The Gift of Grief
I sat with a family member recently, holding space as she talked about the loss of her husband of 28 years. The one-year anniversary was coming up, and tears continued to well, the wound still fresh and weeping.
Her words brought back the needling of my own wounds—the face of my beloved mother in death, taking rings off of her fingers, touching her hair; the end-of-life struggle of my father to breathe even as pure oxygen flowed into his nostrils.
The heartbreak will forever be present, but the triggers of acute pain do begin to subside, leaving in their wake an occasional wave of loss that is painful, but doesn’t make you double over and take to the bed.
I remember walking down a street in downtown Memphis and seeing a man from behind that looked so much like my dad . . . my breath caught and my heart quickened. Could it be him? Was this all a terrible dream, asked my irrational heart? The man turned toward me, and the fantasy faded into a stranger’s face. What I would give for just one more heart to heart talk with Dad.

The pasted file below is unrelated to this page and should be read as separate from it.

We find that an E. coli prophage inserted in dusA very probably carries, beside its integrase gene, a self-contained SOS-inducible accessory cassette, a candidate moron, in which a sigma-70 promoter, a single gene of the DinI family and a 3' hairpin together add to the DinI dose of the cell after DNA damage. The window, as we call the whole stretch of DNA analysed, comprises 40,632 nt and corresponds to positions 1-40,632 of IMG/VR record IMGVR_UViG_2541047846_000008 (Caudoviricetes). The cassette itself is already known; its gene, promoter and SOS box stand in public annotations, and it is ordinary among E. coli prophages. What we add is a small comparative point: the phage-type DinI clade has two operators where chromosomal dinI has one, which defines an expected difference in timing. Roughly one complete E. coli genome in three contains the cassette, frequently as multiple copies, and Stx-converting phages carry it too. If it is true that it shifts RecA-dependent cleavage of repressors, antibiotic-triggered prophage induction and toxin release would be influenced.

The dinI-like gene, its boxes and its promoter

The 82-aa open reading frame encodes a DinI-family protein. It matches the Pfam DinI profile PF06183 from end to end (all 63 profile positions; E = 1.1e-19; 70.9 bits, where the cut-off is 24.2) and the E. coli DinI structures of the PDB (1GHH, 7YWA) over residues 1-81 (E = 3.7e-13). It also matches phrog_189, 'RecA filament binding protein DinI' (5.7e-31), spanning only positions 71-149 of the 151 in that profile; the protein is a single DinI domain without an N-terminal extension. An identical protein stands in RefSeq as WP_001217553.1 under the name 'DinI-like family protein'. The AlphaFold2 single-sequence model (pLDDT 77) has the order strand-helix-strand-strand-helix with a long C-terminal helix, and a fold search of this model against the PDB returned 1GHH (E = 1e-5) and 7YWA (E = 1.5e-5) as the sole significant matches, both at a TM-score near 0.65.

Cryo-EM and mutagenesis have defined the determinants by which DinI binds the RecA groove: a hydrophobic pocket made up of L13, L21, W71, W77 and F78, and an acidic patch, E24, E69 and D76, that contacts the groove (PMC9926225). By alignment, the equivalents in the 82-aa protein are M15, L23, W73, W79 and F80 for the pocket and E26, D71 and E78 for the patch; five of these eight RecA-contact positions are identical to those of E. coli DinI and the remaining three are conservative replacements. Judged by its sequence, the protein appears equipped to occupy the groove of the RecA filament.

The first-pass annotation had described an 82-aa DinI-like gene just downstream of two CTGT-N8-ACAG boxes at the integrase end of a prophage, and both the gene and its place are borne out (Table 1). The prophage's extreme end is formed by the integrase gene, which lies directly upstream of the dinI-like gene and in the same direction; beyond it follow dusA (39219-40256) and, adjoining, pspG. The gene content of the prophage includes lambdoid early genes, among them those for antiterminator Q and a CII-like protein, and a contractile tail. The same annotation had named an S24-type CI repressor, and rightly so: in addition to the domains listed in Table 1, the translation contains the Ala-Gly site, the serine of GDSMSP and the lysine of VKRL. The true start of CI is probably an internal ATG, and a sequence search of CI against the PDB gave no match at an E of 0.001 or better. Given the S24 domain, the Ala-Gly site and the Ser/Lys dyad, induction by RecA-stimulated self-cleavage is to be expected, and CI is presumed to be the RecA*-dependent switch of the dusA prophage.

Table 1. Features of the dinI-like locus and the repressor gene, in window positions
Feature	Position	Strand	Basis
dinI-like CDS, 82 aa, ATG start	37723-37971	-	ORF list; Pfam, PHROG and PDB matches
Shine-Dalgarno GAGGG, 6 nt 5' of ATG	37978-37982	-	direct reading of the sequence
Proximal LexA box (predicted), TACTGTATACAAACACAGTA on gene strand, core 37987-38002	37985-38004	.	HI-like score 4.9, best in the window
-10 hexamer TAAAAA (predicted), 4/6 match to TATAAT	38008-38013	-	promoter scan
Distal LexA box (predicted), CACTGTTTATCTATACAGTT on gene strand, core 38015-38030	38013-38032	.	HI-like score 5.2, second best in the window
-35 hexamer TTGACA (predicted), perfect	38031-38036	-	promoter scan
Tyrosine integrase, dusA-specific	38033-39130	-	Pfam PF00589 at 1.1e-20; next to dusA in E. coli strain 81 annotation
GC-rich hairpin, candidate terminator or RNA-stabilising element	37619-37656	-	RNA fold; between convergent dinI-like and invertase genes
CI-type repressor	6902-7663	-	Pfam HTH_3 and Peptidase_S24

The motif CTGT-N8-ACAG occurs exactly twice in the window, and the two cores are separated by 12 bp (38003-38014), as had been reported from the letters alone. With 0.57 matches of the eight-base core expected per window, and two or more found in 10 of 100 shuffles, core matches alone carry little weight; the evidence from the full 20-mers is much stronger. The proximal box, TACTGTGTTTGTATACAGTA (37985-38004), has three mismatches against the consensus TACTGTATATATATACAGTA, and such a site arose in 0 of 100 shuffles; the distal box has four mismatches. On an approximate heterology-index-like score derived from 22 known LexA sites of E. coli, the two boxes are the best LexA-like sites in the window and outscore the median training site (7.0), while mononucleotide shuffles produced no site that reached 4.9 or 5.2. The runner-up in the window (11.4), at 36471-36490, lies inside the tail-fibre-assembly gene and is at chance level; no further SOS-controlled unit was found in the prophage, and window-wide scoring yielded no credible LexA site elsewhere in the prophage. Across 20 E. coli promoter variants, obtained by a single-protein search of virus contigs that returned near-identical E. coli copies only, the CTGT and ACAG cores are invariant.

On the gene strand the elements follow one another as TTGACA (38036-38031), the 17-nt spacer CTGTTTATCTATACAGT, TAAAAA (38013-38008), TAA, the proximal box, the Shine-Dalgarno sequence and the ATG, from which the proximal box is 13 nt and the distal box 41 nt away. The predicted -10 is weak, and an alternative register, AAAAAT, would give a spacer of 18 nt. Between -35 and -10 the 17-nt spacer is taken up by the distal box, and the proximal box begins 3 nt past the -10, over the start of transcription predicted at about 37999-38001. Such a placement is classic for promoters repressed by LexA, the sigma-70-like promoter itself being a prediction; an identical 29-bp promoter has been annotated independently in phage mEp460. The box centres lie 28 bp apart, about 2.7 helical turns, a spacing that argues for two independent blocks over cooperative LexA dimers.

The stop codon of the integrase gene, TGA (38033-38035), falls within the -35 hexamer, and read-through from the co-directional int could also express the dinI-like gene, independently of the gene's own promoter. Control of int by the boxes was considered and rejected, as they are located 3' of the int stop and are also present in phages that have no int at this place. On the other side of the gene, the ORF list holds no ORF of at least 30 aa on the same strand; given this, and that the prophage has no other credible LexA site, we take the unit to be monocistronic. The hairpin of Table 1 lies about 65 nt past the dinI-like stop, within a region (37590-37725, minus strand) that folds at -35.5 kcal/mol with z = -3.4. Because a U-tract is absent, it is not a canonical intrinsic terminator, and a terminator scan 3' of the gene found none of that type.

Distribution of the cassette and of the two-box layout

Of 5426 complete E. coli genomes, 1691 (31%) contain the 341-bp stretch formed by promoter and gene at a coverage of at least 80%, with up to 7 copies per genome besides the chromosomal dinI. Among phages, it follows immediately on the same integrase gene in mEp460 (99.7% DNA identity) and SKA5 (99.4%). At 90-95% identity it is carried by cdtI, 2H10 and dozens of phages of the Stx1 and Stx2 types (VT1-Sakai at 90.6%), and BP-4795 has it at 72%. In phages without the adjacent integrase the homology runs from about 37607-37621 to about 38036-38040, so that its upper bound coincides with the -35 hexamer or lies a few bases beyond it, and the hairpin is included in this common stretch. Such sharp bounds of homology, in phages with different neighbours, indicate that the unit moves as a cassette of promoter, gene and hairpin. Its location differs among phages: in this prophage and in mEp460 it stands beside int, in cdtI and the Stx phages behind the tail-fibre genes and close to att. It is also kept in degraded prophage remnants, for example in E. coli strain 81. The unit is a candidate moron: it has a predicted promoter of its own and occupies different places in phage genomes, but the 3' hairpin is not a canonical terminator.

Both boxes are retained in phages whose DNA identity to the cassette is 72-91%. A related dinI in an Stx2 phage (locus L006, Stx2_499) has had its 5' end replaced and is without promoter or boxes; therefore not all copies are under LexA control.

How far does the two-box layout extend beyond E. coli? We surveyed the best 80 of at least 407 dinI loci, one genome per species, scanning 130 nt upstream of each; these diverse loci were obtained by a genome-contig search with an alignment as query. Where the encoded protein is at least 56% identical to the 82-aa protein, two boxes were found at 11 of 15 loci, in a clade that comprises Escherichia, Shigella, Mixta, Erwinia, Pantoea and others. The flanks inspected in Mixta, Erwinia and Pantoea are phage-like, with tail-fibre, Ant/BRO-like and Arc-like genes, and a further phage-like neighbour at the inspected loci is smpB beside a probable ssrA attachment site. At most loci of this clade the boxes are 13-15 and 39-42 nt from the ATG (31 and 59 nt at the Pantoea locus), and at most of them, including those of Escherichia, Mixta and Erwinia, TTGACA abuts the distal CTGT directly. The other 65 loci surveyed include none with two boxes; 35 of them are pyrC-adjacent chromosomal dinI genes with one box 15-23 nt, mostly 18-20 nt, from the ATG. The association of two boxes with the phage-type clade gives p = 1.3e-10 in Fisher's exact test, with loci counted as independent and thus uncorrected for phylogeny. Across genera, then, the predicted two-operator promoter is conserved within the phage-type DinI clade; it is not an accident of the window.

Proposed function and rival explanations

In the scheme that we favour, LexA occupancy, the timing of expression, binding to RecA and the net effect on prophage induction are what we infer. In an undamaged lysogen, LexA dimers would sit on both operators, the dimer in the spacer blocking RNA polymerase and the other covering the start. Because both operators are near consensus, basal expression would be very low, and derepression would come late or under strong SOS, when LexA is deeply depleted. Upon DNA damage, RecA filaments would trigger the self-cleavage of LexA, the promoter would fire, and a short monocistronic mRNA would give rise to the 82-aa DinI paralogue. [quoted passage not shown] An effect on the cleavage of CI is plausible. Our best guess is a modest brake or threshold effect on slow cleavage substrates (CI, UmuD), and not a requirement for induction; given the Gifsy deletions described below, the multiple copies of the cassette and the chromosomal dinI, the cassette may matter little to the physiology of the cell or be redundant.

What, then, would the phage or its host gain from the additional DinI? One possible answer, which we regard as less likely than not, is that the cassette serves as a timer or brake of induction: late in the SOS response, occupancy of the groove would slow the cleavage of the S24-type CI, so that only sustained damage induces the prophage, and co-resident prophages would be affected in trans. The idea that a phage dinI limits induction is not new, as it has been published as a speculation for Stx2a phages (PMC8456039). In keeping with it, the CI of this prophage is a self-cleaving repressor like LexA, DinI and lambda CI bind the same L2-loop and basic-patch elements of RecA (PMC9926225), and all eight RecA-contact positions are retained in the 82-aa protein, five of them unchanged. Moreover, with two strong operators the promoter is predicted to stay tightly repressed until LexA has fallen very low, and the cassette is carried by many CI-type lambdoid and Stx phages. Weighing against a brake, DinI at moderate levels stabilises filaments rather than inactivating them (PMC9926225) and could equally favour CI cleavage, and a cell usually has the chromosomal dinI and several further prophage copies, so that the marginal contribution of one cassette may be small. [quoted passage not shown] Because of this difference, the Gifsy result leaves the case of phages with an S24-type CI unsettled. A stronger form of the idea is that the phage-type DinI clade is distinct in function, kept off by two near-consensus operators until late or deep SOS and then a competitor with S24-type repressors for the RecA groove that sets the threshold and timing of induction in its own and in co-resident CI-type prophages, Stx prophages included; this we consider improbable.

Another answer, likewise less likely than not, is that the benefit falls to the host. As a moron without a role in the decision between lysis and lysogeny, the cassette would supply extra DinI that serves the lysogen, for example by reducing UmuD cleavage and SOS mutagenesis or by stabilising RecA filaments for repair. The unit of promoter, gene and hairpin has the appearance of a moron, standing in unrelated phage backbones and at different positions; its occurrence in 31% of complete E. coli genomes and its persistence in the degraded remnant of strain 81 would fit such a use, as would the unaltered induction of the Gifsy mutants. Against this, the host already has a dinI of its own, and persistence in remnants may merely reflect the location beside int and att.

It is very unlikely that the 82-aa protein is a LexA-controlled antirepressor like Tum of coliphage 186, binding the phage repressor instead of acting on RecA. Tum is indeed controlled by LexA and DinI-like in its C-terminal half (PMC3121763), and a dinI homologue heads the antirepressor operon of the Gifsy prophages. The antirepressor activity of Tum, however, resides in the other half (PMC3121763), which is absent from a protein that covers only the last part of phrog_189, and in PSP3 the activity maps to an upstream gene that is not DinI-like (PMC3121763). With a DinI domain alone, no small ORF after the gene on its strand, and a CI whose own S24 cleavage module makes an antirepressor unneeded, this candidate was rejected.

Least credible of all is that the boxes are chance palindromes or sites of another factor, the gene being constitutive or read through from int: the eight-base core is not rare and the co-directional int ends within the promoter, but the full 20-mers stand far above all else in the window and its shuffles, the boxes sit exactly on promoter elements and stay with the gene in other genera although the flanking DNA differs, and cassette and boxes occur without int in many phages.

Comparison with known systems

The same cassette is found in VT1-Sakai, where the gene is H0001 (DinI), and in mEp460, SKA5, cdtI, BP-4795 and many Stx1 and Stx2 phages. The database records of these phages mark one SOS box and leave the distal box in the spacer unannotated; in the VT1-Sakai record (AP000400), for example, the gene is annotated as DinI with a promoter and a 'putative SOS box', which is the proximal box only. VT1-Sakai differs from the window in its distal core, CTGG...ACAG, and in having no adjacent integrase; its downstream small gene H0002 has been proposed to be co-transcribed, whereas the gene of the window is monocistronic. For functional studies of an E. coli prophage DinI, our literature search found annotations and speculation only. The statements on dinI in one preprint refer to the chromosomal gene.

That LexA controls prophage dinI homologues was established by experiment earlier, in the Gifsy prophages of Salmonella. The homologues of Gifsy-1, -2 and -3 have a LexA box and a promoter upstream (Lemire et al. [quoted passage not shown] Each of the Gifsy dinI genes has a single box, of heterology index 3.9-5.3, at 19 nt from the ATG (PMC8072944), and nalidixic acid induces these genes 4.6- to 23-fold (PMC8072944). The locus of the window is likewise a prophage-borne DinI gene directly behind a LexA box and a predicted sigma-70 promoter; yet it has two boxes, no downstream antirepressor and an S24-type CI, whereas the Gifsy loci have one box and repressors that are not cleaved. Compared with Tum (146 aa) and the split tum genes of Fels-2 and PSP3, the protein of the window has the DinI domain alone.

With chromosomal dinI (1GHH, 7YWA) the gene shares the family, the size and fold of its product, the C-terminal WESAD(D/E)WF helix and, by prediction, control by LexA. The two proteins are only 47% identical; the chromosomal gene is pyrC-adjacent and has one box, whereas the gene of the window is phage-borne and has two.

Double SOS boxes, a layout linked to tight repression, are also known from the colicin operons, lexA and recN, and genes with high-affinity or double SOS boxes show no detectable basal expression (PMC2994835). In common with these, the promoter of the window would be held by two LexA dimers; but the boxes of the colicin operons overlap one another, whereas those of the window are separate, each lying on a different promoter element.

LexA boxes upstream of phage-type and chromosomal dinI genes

And then wonder of all wonders, one fine day a sweet memory flutters into consciousness. Something that makes your soul smile.
But, I’ve found one special gift of grief. It’s a big one. It changed me. I needed it.
Here it is: When you lose someone dear, your heart breaks open and grows. With it, the breadth of your capacity for compassion for the heartbreak of others is exponentially widened and broadened. You know their pain. And you give to them in a different way. Wow.
Ultimately, not a single one of us is untouched by grief or heartbreak. Not one. This, this makes us beautiful.
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